Overview of current lung imaging in
acute respiratory distress syndrome
Maurizio Zompatori1, Federica Ciccarese1 and Luca Fasano2
Number 3 in the Series ‘‘Acute Respiratory Distress Syndrome‘‘
Edited by S. John Wort and Stefano Nava
Affiliations: 1Radiology Unit, Cardio-Thoracic-Vascular Dept, University Hospital S. Orsola-Malpighi, Bologna,
Italy. 2Pneumology and Intensive Respiratory Care Unit, Cardio-Thoracic-Vascular Dept, University Hospital
S. Orsola-Malpighi, Bologna, Italy.
Correspondence: Maurizio Zompatori, Radiology Unit, Cardio-Thoracic-Vascular Dept, University Hospital
S. Orsola-Malpighi, Via Massarenti 9, 40100 Bologna, Italy. E-mail: email@example.com
ABSTRACT Imaging plays a key role in the diagnosis and follow-up of acute respiratory distress
syndrome (ARDS). Chest radiography, bedside lung ultrasonography and computed tomography scans can
provide useful information for the management of patients and detection of prognostic factors. However,
imaging findings are not specific and several possible differential diagnoses should be taken into account.
Herein we will review the role of radiological techniques in ARDS, highlight the plain radiological and
computed tomography findings according to the pathological stage of the disease (exudative, inflammatory
and fibroproliferative), and summarise the main points for the differential diagnosis with cardiogenic
oedema, which is still challenging in the acute stage.
ARDS diagnosis is still based on radiological criteria; the variety of these findings should be known
and recognised http://ow.ly/wEYIC
Acute respiratory distress syndrome (ARDS) is a type of acute diffuse inflammatory lung injury,
characterised by increased permeability of the alveolar–capillary membrane with oedema, loss of aerated
lung tissue, increased work of breathing and impaired gas exchange .
The first definition was assessed in 1994 by the American–European Consensus Conference, which defined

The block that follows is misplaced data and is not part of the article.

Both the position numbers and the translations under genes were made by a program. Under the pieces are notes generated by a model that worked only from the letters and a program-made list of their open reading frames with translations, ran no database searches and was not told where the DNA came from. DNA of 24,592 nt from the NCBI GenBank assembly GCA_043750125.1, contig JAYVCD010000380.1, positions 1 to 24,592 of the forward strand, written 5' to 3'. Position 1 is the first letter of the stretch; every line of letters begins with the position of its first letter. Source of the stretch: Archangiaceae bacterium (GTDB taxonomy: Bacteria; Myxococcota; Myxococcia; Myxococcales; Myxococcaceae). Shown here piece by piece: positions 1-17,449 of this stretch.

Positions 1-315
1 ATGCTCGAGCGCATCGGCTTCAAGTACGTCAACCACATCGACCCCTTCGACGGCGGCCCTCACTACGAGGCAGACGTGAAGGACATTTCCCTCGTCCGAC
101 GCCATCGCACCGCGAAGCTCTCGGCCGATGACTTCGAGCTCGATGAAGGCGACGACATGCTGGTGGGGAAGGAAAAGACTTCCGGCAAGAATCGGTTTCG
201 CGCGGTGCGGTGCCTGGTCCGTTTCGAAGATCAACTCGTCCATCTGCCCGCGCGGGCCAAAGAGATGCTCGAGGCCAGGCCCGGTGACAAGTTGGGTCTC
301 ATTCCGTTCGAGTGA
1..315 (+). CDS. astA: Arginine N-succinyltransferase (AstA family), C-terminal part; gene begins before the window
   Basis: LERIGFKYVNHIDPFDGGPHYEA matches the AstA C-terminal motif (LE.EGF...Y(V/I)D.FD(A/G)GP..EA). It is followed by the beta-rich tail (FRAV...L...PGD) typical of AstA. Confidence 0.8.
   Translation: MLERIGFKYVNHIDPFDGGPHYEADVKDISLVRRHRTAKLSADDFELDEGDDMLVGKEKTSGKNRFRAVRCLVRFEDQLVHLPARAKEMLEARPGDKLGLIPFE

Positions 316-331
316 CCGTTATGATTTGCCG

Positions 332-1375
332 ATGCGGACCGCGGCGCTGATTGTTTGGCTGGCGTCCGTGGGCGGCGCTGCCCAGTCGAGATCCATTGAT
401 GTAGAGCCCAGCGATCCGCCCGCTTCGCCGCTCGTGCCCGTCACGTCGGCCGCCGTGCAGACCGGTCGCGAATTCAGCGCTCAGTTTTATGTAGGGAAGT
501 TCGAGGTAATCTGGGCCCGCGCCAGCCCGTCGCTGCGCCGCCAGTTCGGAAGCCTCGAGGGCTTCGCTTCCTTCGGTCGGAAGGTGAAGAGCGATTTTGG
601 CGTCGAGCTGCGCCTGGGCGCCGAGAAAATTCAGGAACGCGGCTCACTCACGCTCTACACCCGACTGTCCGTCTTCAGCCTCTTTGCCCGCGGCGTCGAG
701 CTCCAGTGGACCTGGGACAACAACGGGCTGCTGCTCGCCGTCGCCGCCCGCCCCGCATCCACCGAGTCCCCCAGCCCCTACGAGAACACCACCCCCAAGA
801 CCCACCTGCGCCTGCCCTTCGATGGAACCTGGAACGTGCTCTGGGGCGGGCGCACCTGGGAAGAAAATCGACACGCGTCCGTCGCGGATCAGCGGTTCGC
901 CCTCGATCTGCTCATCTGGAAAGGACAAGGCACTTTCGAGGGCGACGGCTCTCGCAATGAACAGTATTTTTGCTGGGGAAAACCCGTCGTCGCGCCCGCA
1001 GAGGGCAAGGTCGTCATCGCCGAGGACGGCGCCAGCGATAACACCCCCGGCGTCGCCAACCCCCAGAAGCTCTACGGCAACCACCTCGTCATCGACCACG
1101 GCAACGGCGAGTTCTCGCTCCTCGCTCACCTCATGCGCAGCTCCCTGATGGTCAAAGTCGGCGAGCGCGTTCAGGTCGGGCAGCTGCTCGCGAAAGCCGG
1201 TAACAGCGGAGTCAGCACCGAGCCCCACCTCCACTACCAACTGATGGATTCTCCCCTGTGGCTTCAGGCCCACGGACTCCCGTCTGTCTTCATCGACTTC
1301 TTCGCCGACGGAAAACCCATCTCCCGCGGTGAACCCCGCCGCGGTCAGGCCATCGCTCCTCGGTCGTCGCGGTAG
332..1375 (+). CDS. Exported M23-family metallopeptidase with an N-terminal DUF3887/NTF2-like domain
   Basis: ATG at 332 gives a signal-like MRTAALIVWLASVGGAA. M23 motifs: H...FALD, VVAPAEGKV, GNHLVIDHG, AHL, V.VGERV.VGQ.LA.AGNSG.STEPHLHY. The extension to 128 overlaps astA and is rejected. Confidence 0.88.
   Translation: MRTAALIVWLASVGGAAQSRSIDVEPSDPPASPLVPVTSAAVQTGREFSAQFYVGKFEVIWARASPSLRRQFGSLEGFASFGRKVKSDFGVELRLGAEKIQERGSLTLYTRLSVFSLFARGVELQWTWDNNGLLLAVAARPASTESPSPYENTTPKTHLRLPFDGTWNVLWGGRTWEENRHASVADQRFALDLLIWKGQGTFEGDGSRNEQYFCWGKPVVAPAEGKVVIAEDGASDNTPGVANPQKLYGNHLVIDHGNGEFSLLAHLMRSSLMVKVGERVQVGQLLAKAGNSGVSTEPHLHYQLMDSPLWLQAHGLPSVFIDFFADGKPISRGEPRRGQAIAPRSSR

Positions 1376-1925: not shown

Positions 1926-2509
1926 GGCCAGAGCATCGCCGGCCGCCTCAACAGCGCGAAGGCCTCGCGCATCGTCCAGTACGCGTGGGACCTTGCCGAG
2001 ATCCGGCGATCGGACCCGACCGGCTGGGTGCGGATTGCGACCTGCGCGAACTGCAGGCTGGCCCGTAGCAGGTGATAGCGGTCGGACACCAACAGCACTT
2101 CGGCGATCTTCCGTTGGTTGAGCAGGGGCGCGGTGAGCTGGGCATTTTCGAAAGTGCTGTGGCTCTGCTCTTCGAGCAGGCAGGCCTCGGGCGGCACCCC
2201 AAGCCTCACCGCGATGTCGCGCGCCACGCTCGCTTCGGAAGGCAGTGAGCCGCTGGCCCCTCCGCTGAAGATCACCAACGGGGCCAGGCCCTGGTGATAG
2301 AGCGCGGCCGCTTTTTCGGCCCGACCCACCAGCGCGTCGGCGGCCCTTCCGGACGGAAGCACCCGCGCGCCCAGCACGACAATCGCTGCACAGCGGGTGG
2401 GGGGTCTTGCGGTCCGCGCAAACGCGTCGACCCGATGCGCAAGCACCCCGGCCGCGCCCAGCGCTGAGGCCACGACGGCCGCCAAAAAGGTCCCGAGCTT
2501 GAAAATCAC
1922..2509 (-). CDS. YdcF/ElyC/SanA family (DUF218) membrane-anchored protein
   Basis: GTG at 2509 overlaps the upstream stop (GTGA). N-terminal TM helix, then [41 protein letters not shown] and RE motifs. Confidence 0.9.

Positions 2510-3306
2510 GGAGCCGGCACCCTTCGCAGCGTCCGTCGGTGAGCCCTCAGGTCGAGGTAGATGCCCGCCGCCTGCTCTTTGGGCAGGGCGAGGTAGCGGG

ARDS as the acute onset of hypoxaemia (arterial oxygen tension (PaO2)/inspiratory oxygen fraction (FIO2)
ratio ,200 mmHg), with bilateral infiltrates on chest radiograph, in the absence of left atrial hypertension
. However, over the years, this definition has led to the rise of several issues. First, the type of respiratory
failure was defined to be ‘‘acute’’, but a specific time frame was not specified. Secondly, the hypoxaemia
criterion generated concerns because PaO2/FIO2 may vary with FIO2 and in response to other ventilatory
settings. Finally, the chest radiograph criteria showed only moderate interobserver agreement. Therefore, its
definition has been recently revised with the new Berlin definition [3, 4]. According to this latest definition,
the diagnosis is based on the onset of hypoxaemia and of bilateral chest opacities within 1 week of a known
risk factor. Respiratory failure is not fully explained by cardiac failure of fluid overload.
Previous articles in the Series. No. 1: Guérin C. Prone ventilation in acute respiratory distress. Eur Respir Rev 2014; 23:
249–257. No. 2: Finney SJ. Extracorporeal support for patients with acute respiratory distress syndrome. Eur Respir Rev
2014; 23: 379–389.
Received: Feb 09 2014 | Accepted after revision: April 27 2014
Provenance: Submitted article, peer-reviewed.
Conflict of interest: None declared.
Copyright �ERS 2014. ERR articles are open access and distributed under the terms of the Creative Commons
Attribution Non-Commercial Licence 4.0.
ACUTE RESPIRATORY DISTRESS SYNDROME
Eur Respir Rev 2014; 23: 519–530 | DOI: 10.1183/09059180.00001314 519
From the radiological point of view, the presence of bilateral opacities remains one of the hallmarks for
diagnosis. However, it was explicitly recognised that these findings could be detected by computed
tomography (CT) instead of radiography.
Another point of this recent revision consisted of the abolition of the term acute lung injury. This term
previously identified a syndrome of acute and persistent lung inflammation with increased vascular
permeability and included all patients with any gas exchange impairment, regardless of whether or not they